Smoking With Derek Loosvelt
by Beth Thomas Read the Story March 26, 2012
This story feels like it has some truth to it. Is it at all autobiographical, or purely fiction?
Quite a bit was drawn from personal experience. I grew up in Michigan where the story takes place and the characters are more or less based on members of my family. For example, my mother is half-Syrian, an excellent cook, and, at least in 1984, very much liked the song “When Doves Cry” by Prince. Also, I have two younger brothers who often wore T-shirts wrapped around their heads like turbans. And my father, who grew up in Detroit, has been a Tiger fan for decades and kept a large backyard garden filled with fruit, vegetables, and herbs. Perhaps the story’s most prominent fictional detail is the father losing his job. My father, who recently retired, was self-employed for forty consecutive years. He worked as a dentist. And the final scene is purely fictional (aside, of course, from Kirk Gibson’s home run and the outcome of the game).
Who is this family? Tell us about the world they’ve come from, and where they are going.
I imagine the parents are second-generation immigrants who grew up in Detroit in the 1950s (a time of prosperity) and 1960s (which ended in the city’s infamous race riots) and moved to a modest Detroit suburb in the early 1970s. And so their sons were born into a world of green lawns, tall maple trees, thick oak trees, deep lakes, public schools, private schools, Catholic schools, rich kids, not-so-rich kids, new money, old money, Middle Eastern immigrants, European immigrants, Russian immigrants, Christians, Jews, churches, synagogues, divorce, racism, sexism, drinking, smoking, drugging, autoworkers, auto executives, lawyers, doctors, teachers, business owners, and housewives. In other words, it’s a multicultural but largely white and conservative middle class world centered around family life.
As for where the family’s going, the mother and father are trying to provide their sons certain privileges (such as easy access to higher education) that their own parents weren’t able to give to them.
This family has adopted The American Pastime as a way to come together and root for a winnable cause. Tell us about how something like a winning baseball season can affect a family and community.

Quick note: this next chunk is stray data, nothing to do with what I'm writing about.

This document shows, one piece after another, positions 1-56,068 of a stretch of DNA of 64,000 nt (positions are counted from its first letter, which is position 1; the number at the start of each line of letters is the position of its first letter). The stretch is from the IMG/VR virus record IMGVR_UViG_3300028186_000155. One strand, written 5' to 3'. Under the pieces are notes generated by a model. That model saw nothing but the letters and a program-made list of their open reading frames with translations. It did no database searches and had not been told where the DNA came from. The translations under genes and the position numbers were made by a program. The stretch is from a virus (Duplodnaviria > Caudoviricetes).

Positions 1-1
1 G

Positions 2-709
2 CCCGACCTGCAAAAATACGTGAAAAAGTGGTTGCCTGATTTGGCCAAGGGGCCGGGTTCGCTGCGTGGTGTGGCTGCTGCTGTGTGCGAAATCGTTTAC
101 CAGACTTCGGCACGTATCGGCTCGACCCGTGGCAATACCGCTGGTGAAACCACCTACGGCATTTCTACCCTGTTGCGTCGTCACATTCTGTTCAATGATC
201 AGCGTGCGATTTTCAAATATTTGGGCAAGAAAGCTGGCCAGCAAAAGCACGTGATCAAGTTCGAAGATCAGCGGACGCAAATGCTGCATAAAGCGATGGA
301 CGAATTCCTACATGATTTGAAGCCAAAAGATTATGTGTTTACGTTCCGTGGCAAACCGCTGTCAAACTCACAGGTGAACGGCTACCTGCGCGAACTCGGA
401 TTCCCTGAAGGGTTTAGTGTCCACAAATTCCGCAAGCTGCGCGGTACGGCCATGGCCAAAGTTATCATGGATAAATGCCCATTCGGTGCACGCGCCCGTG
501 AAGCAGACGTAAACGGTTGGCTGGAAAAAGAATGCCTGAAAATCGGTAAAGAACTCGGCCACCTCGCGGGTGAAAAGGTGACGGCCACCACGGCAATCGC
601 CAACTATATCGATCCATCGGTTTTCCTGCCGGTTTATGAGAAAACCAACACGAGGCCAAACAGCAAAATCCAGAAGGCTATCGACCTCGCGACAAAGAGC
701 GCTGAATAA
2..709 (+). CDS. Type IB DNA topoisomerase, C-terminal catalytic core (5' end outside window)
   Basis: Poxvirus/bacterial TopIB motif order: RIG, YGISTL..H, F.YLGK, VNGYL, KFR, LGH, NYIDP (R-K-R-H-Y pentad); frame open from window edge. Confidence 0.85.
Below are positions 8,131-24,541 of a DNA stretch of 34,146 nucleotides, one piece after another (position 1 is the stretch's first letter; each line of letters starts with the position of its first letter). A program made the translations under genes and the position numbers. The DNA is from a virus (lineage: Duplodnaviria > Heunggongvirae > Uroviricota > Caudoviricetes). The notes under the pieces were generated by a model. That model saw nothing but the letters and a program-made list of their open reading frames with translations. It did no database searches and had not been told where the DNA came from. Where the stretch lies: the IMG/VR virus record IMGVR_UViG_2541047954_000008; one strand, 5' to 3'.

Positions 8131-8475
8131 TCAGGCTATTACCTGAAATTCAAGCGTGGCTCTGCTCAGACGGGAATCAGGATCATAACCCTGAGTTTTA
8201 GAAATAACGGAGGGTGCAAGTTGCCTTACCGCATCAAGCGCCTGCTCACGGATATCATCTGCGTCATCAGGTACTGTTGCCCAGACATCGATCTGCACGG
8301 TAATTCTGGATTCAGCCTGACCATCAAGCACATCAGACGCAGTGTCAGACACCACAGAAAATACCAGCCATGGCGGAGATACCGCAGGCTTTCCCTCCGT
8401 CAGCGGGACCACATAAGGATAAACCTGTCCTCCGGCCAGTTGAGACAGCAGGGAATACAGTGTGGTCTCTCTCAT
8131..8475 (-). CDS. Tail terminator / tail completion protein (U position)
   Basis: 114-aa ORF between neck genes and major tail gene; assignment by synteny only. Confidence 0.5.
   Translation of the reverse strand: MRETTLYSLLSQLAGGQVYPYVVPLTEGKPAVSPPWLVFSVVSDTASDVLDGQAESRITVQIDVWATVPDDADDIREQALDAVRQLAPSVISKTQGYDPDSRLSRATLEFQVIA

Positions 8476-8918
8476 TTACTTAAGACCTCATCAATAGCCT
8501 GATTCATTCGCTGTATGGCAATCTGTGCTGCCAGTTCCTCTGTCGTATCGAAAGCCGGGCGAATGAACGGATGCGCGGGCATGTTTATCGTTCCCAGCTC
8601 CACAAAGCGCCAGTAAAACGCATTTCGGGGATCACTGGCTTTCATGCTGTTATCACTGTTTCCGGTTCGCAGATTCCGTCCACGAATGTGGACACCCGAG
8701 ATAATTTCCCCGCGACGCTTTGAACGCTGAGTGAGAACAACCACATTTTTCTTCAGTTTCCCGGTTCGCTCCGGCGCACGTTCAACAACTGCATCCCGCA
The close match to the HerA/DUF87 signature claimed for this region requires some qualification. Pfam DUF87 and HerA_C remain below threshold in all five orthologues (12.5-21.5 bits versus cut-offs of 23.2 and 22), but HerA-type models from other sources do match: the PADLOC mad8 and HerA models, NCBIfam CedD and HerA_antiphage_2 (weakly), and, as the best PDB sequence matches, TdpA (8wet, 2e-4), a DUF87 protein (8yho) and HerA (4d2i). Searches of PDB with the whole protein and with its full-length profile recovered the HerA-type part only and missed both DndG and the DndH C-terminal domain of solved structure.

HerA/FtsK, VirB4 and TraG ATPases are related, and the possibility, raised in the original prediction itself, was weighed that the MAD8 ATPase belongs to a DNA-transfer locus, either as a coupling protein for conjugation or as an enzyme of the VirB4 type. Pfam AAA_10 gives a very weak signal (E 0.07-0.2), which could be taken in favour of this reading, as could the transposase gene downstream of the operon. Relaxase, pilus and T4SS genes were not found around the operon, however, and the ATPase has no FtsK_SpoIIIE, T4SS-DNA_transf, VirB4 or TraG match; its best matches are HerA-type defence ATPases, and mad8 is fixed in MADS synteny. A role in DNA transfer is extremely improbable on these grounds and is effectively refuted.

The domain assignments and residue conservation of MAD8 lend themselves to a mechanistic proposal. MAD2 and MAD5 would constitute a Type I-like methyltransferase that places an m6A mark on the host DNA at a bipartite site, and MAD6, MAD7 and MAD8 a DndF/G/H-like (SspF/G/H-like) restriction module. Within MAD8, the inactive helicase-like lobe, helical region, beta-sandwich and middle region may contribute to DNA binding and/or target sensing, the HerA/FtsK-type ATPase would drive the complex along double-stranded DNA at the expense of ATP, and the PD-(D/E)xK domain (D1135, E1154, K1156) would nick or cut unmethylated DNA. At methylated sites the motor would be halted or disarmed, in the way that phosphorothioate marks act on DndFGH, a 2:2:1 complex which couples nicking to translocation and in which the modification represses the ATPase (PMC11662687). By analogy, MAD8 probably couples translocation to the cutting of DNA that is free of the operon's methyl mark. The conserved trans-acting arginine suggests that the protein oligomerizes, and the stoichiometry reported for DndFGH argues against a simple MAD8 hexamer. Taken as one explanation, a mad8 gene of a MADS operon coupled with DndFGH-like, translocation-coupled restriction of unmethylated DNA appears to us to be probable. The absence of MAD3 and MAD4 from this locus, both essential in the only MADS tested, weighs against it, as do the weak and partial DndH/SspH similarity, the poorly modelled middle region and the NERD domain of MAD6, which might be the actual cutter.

There’s this phenomenon I’ve noticed in New York, where I’ve been living for the past twelve years. It happens the day after a big snowstorm when the city’s covered in a beautiful layer of calming whiteness. People are friendlier than usual, courteous, respectful, helpful, neighborly, not in a hurry to get anywhere or do anything in particular, and, in general, seem to be in a much better mood. This generally lasts for a day, maybe two, until the snow melts into a black and brown slush. In any case, a championship season can be like one long snow day. And I’ve experienced this twice in Detroit: when the Pistons won the NBA championship in 1989 and when the Tigers won the World Series in 1984. In fact, when I think of the Tigers’ ’84 season, I only remember sunny days, as if there wasn’t a cloud in the sky for six months straight. Which, as anyone from Michigan knows, is impossible for six hours straight, let alone six months.
What also comes to mind is how sports can act as a vehicle for connection between men, especially between fathers and sons. That is, when men get together to watch their teams play, talk about their teams, or celebrate their teams’ victories, often they’re expressing love and respect not just for their teams, but for each other. Which they might find difficult to do otherwise.
The Tigers, and by extension baseball itself, are characters in this story, maybe even more than the family members are. Was this a conscious decision, or did it just spring from the story you were wanting to tell? What would happen to this story without the baseball character?
A few years ago I was working on a short story about the no hitter that Detroit Tigers pitcher Jack Morris threw at the beginning of the ’84 season. I was interested in trying to get inside the head of an athlete on his way to a near-perfect game. And I was particularly fascinated with the fact that after a major league pitcher throws four or five no-hit innings, his teammates and managers often won’t talk to him or even look at him. There’s a superstition that, once there’s a good possibility he’ll throw a no hitter, a pitcher is to be left alone. As if he’s gone off to a monastery to take part in a solitary, silent, meditative retreat. In any case, the story fizzled out (embarrassingly I’d entitled it “The Distance” as in “going the distance”). But one day, long after I failed to finish the story, I was thinking about the ’84 season and this very short piece came out in an afternoon. So, to answer, I don’t think it was a conscious decision but perhaps a subconscious one.
As for what would happen to the story without baseball, that’s a good question. And I’m not sure of the answer. Perhaps it would be a much harder one to write without the baseball crutch.
Who do you love to read? Who inspires you?
I absolutely love reading Stuart Dybek, Henry Miller, and Roberto Bolaño. Their writing, even after multiple readings, never fails to inspire me.
About the Author:
Derek Loosvelt was born in South Carolina and grew up in Michigan. He is a graduate of the Wharton School at the University of Pennsylvania and received an MFA from The New School. He has written for Paper, The Independent, Brill's Content, ARTINFO, Inside.com, and CNBC.com, and has led creative writing workshops for incarcerated and formerly incarcerated individuals in New York. He lives in Brooklyn with his wife and son.